General managers know a lot of things we don’t, but like anyone, they can also be prone to repeating gossip and hearsay. Does this general manager have inside info, or is he just participating the echo chamber? Impossible to say, but the possibility of the former raises the level of intrigue.

Of course, the Warriors can’t be the leaders in the clubhouse, because they’re not in the clubhouse. Free agency doesn’t begin until July. Nobody has made their final pitch, not even the Thunder.

It’s fun to make bold predictions now, and this general manager has a chance of looking genius. But sometimes the desire for that designation causes people to get ahead of themselves.

Report: Clippers quickly rebuffed interest after Nuggets called about Blake Griffin

Los Angeles Clippers forward Blake Griffin (32) gets tied up near the basket by Denver Nuggets forward J.J. Hickson (7) during the second half of an NBA basketball game, Monday, April 13, 2015, in Los Angeles. The Clippers won 110-103. (Michael Goulding/The Orange County Register via AP)   MAGS OUT; LOS ANGELES TIMES OUT
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Here was my gut feel on a report that the Clippers had talked to the Nuggets about trading Blake Griffin to Denver:

1. Nuggets calling Clippers about Griffin

2. Clippers saying they’re not interested

3. Nuggets leaking the fact that Griffin trade talks happened with the Clippers – technically true! – to excite their fan base and potential free agents considering whether or not to take Denver seriously

Dan Woike of The Orange County Register:

https://twitter.com/DanWoikeSports/status/695691007053070336

Woike is the more reliable source of information here. I believe that’s all this was.

The Clippers probably shouldn’t sell low on Griffin now. But if the Nuggets made a truly reasonable offer based on Griffin’s peak value – and I doubt they did – it also wouldn’t hurt to consider it.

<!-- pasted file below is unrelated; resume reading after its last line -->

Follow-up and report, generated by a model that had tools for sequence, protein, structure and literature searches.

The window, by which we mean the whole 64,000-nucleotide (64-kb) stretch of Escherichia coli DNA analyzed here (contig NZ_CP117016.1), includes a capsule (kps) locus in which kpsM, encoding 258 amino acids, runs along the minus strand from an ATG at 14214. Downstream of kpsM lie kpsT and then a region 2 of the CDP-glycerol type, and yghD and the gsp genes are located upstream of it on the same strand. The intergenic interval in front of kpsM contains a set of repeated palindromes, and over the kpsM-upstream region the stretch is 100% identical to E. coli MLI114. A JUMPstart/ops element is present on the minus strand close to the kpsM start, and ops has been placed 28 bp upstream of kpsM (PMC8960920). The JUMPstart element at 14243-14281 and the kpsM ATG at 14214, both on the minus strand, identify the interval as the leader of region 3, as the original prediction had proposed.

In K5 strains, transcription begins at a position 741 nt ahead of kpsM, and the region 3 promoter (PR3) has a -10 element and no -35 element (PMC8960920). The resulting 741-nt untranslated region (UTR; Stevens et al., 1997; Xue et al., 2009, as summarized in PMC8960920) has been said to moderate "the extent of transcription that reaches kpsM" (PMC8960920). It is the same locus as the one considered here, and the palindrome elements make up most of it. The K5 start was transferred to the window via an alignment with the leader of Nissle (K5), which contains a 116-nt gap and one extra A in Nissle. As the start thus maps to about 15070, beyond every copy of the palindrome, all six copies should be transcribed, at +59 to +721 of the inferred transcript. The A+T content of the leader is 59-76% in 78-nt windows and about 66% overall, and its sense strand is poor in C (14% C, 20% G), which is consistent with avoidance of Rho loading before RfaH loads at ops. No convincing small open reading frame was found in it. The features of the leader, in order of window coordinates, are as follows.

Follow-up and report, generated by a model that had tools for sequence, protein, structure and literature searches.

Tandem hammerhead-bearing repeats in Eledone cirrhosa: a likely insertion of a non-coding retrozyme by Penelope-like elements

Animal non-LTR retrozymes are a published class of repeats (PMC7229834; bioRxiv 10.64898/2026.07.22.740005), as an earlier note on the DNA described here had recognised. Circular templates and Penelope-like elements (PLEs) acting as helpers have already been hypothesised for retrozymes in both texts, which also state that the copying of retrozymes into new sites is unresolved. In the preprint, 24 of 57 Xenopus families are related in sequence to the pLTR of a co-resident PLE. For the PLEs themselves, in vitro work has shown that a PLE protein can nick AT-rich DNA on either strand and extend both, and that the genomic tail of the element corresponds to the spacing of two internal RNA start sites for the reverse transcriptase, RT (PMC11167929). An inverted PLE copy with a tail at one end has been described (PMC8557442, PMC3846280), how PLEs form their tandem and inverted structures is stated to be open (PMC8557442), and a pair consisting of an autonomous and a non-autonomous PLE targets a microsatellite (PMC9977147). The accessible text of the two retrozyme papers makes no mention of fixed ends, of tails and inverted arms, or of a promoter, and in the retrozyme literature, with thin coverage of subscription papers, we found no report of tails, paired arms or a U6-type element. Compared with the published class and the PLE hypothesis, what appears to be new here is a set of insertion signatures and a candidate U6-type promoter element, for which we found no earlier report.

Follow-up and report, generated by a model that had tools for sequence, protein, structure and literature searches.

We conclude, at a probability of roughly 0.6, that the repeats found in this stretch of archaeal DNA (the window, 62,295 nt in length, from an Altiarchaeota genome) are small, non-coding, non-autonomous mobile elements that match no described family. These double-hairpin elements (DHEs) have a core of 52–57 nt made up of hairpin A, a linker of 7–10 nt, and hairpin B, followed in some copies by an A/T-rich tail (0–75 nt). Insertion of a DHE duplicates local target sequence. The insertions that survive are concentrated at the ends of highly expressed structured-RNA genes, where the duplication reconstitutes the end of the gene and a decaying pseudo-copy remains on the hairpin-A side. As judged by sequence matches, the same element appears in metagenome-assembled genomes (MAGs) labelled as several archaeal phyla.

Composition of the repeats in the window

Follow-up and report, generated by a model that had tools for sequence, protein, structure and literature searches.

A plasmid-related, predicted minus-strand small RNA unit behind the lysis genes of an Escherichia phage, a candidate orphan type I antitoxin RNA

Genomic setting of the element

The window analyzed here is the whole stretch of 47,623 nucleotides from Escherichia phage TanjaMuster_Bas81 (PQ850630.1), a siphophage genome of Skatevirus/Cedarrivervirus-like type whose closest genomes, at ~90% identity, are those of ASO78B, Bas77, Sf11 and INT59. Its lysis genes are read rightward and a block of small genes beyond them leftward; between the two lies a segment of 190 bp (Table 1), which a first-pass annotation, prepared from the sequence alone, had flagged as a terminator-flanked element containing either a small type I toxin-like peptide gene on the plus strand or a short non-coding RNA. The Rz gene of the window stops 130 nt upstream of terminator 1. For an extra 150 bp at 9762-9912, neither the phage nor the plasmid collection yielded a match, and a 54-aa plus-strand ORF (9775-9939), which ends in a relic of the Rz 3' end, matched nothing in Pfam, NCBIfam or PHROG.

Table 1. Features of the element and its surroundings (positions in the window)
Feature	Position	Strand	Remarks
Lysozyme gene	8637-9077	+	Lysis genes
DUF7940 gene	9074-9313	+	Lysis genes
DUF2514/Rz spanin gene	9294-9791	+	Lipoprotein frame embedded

LeBron James wants to leave Hack-a-Shaq rules as they are

Cleveland Cavaliers forward LeBron James (23) drives on Detroit Pistons center Andre Drummond (0) in the second half of an NBA basketball game in Auburn Hills, Mich., Tuesday, Jan. 27, 2015.  (AP Photo/Paul Sancya)
AP Photo/Paul Sancya
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NBA commissioner Adam Silver said he increasingly believes the league should change its Hack-a-Shaq rules this offseason.

LeBron James – who has the commissioner’s ear on a number of issues – disagreed.

LeBron, via Chris Haynes of Cleveland.com:

“I don’t really see a problem with it,” James said at shootaround Friday in preparation for the Celtics. “At the end of the day, it’s a strategy of the game and whatever it takes to win. If that’s a part of the game, and you have a guy that is a bad free-throw shooter and you put him on the line, that’s a part of strategy.”

“That’s no different from a guy that can’t shoot well from the outside and you try to make him shoot bad from outside, or if a guy is turnover-prone and you put pressure on him. It’s all part of strategy. It’s no different,” he said.

There is a difference – a big one.

Hacking someone takes no basketball skill.

I could intentionally foul DeAndre Jordan or Andre Drummond. I could not keep a bad NBA outside shooter from getting into the paint. I could not force a turnover-prone NBA player into coughing up the ball.

There’s nothing wrong with exploiting an opponent’s weakness, but with the exception of hacking, that takes ability of your own.

Hacking is an outlier strategy, and as a result, it deserves special treatment in the rulebook.